When your privacy is violated in the doctor’s office

Few patients enter our health care system prepared for the unexpected and embarrassing circumstances that can routinely happen.

Most can accept it when we’re treated with modesty and respect.  But not many are prepared for those times when you might be unnecessarily exposed or treated rudely.  The possibilities for embarrassment are endless and it is usually unexpected.   When avoidable incidents do happen, most patients are not prepared to speak up.  Many regret their inability to speak at the time of the incident.

In fact it is important to speak up at the time of occurrence if at all possible, or if not, as soon as possible thereafter.  It can often be difficult or impossible to identify the offenders days or weeks after the occurrence.  Situations are most likely to be rectified if they are brought to the immediate attention of the offenders and their superiors.   A common example would be being exposed in an examining room when someone leaves the door open or comes in without warning.  Few patients appreciate that but most don’t say anything.  But if you wait several days to complain, it is likely that the office will not remember who was involved.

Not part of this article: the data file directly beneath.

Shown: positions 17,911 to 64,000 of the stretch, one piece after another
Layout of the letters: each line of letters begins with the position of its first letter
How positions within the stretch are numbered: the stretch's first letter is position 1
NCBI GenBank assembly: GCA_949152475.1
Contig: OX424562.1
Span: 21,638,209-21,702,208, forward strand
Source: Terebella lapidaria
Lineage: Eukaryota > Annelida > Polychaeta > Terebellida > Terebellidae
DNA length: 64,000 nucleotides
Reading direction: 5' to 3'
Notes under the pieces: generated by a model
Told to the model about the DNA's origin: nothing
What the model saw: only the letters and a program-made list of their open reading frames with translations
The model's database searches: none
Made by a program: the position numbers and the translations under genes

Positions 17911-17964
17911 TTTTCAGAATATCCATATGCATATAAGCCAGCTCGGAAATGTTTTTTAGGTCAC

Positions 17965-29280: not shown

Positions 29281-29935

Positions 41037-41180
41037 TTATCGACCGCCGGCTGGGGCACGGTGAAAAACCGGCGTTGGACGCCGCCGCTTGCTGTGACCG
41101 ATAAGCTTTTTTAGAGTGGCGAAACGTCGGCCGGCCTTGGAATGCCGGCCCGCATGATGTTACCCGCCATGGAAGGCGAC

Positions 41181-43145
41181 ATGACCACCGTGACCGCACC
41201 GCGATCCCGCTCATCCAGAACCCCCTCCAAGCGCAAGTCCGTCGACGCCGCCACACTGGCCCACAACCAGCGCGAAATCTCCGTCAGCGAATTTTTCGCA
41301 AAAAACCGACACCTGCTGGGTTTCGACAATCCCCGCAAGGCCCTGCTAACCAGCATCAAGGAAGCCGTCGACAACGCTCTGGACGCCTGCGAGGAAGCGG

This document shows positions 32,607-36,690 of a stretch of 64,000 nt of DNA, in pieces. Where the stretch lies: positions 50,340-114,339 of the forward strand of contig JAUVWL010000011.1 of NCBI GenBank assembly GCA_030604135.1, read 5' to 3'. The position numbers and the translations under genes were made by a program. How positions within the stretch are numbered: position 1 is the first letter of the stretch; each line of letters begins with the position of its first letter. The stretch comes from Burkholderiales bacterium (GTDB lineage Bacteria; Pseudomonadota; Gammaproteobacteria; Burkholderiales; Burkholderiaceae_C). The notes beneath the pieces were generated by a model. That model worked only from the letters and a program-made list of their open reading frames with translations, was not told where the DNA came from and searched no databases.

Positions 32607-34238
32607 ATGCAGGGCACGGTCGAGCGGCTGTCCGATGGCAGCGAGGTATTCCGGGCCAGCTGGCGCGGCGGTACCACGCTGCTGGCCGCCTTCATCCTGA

Despite your embarrassment, the office personnel may recall nothing unusual; it was just in a day’s work for them and consideration of patient’s privacy doesn’t cross their radar.  In a hospital a common occurrence would be for the patient to be exposed during a bath or procedure with the curtain or door being left open.  The potential is even greater for embarrassment if you’re in a semiprivate room and your roommate has visitors.   Even without exposure, having your history taken in a semiprivate room with or without visitors present may cause you to reveal embarrassing and confidential information.  Once again, if you don’t speak up immediately, it will be difficult to identify the perpetrators later.

It helps to have a clear idea what you want from your protest.  A simple apology is the easiest to obtain and may be all that’s needed.   If you want a clear indication that policies will be changed to prevent re-occurrences of the problem, you will need to go beyond a simple apology and communicate the problem with the physicians or managers in charge.  They may indicate that policy directives will be updated and sent out on their own, but if not you may have to request that they take specific action to correct the problem.

The best course of action to take depends on where the incident occurred.  Usually make the complaint immediately to the person who caused it.  In an office, this could be the physician, nurse or assistant.  If you’re not immediately satisfied with the response, also bring your complaint to the physician in charge.  If the infraction was incidental, a simple apology should be enough.  If the infraction was part of a pattern of behavior, you should notify the physician in charge.